The cohort consists of 2371 participants; for the SUS12 study, only 2262 of these could be identified with an address in Denmark, because some of the participants had immigrated, died, or were simply lost to follow-up. Of the identifiable participants, only 1170 were available to be re-examined, representing an overall attrition rate of 51.7%, which was attributable to several reasons, including subjects choosing not to participate in the follow-up study, failure to attend for their follow-up appointment, and/or not responding to letters or phone calls.
The SUS study has so far lead to the publication of 13 peer-reviewed articles,6,15–26 one thesis,27 and several presentations at international conferences. An overview of the 13 articles and the main findings is summarised in Table 3.
The study showed that sensitisation to mites, animal dander, and pollen was higher in controls than in farming school students.16 Analyses published in 2002 demonstrated a lower prevalence of allergic symptoms, BHR, and sensitisation measured with skin prick test, and specific and total IgE in subjects raised on a farm, compared with upbringing elsewhere.6 As opposed to a possible protective effect of being raised on a farm, low concentrations of alpha-1 antitrypsin and rare genotypes (ZZ, ZS, SS) were found to increase the risk of BHR, but only among the farming students, indicating a gene-environment interaction for the inflammatory asthma phenotype.19 Preliminary analyses using available exposure data from other sources have found a dose-response relationship between estimated exposure to total dust and new onset of asthma.28 Furthermore, the prevalence of chronic bronchitis, self-reported asthma with BHR, and BHR was low. The prevalence of self-reported asthma without BHR was high. Lung function was slightly lower in male farming students compared with controls. There was a weak or no association between smoking and respiratory symptoms as well as lung function. It was found that FEV1 was the best index to measure basal lung function in response to bronchial provocation.
The SUS study has contributed significantly to our understanding of the inflammatory mechanisms involved in the immune response to organic dust exposure. This was investigated by exposing the participants for three hours to a swine-confinement environment containing dust and endotoxin levels at the lower end of the exposure range for Danish and European farms. It was found that dust exposure activated the complement system. Particularly for the farming students, C3d plasma levels correlated with respirable dust. Acute exposure was also seen to lead to other weak systemic inflammatory responses.23 Further dust exposure studies suggest that there is a specific requirement for CD106 during inflammatory recruitment of monocytes in the human lung,24 and this has previously been shown to be the case in the murine lung. Endotoxin tolerance has previously been described in vitro and in animal studies as a mechanism that modifies the threshold at which immune response occurs. It has also been found that long-lasting endotoxin tolerance and immune suppression may be induced by brief exposure to dust concentrations in the medium-low range of occupational levels.25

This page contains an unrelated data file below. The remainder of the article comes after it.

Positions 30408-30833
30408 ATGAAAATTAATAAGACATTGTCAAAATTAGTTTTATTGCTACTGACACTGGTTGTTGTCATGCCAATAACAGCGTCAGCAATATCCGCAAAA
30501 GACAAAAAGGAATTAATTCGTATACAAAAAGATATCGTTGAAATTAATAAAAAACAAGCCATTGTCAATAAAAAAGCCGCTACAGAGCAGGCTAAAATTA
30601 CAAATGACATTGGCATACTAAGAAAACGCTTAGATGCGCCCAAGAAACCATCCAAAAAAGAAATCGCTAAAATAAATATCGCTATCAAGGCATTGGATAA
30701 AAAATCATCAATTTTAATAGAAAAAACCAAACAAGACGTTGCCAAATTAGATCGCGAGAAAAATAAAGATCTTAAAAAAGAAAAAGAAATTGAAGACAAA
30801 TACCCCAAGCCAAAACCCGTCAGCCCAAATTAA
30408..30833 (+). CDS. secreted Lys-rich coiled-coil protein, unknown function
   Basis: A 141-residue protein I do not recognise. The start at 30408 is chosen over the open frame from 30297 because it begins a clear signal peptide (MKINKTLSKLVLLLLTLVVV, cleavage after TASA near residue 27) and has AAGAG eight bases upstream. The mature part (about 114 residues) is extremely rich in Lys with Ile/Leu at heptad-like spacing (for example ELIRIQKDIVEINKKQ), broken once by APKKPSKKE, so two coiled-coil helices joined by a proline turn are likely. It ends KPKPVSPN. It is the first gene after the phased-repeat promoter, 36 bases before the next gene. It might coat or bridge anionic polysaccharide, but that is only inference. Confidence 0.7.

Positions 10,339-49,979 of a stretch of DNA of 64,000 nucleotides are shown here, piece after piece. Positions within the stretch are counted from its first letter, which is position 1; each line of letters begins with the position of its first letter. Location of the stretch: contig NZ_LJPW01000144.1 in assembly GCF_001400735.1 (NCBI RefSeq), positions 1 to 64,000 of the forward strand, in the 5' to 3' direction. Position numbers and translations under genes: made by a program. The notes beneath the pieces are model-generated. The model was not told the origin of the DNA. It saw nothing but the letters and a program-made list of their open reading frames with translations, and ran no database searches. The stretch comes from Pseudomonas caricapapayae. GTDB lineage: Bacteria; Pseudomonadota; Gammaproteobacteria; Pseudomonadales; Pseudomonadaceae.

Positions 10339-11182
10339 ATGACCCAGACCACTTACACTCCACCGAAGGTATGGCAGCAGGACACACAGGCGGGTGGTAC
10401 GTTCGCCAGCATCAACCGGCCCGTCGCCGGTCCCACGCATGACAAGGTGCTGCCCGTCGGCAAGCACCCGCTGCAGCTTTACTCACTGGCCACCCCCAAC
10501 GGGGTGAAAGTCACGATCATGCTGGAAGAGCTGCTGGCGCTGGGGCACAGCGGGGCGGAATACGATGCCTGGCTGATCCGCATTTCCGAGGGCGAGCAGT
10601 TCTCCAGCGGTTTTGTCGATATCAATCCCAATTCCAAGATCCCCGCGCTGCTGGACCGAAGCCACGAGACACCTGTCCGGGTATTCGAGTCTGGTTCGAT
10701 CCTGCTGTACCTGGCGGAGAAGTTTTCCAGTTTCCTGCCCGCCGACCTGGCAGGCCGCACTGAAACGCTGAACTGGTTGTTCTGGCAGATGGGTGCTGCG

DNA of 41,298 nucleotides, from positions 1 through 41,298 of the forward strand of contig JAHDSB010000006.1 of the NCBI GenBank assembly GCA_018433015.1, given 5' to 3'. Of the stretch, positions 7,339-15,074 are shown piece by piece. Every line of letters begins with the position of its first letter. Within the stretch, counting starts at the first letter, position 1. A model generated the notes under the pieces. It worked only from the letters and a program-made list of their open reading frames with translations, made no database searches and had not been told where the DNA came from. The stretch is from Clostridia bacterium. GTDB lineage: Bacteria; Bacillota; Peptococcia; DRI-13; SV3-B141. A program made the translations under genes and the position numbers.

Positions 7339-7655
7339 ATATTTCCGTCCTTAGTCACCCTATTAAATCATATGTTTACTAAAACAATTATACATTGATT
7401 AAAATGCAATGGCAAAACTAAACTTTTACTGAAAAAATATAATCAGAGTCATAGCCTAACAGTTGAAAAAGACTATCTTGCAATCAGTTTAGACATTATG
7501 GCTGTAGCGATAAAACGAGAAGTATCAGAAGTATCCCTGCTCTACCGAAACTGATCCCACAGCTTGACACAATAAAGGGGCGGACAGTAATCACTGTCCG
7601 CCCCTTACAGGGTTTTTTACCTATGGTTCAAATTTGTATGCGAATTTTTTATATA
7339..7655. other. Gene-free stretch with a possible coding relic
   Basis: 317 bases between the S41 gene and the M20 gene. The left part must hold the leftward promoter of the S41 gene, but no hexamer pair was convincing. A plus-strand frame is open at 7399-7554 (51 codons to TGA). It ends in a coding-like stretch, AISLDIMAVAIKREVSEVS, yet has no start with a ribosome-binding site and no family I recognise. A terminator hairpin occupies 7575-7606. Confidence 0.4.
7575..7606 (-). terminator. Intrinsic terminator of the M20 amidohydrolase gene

The SUS study has furthermore been used to investigate the correlation between selenium levels and asthma and atopy. It was found that selenium in serum and urine is associated with mild asthma and atopy.21
The longitudinal study provides data for investigating the incidence of respiratory disease in a farming environment. These data will also enable investigation of the interactions between genes and the environment and elucidation of the risk factors involved in the development of new asthma cases. It will also be possible to investigate the effects of respiratory diseases on lung function, and identify the parameters that describe this change best. Finally it would be helpful to be able to estimate the effect of respiratory symptoms and disease on change of work environment for the individual.
The SUS cohort affords a unique opportunity for a longitudinal investigation of the effect of farming exposure on lung function and respiratory symptoms. To our knowledge, this cohort is unique. As already mentioned, lung function and respiratory symptoms have been assessed in all study participants in both at the SUS and the SUS12. It will also be possible using these data to assess respiratory health in relation to specific farming exposure for each subject. Additionally, important information on potential gene-environment interaction is emerging from this research through the GABRIEL collaboration. However, a potential weakness of this research is the relatively high attrition rate of approximately 50%, which might affect the significance of data generated by future statistical analyses.
A website has been created (http://www.folkesundhed.au.dk/mil/forskning/sus12), where the status of the SUS12 project is regularly updated. Specific questions regarding the cohort or the SUS12 project can be addressed to either Professor Torben Sigsgaard (kd.ua.lim@st), Associate Professor Vivi Schlünssen (kd.ua.lim@sv), Associate Professor Øyvind Omland (kd.nr@oo), or Senior Consultant Charlotte Hjort (email@example.com).
The cohort study was set up by Charlotte Hjort, Torben Sigsgaard and Øyvind Omland from The Institute of Public Health at University of Aarhus, Denmark. Funding for the SUS study was from The Danish Agency for Science Technology and Innovation, The Danish Medical Research Council, The Danish Agricultural Research Council, Helsefonden, and the PC Petersen Foundation. In SUS12 Vivi Schlünssen joined the core group. The main contributors for the SUS12 study were The Danish Working Environment Research Fund, The Danish Research Council Aarhus University, and The Danish Lung Association. The authors wish to thank the farming students and the control subjects for their patience and enthusiasm, and the staff of the farming schools for their ongoing support.
The author report no conflicts of interest in this work.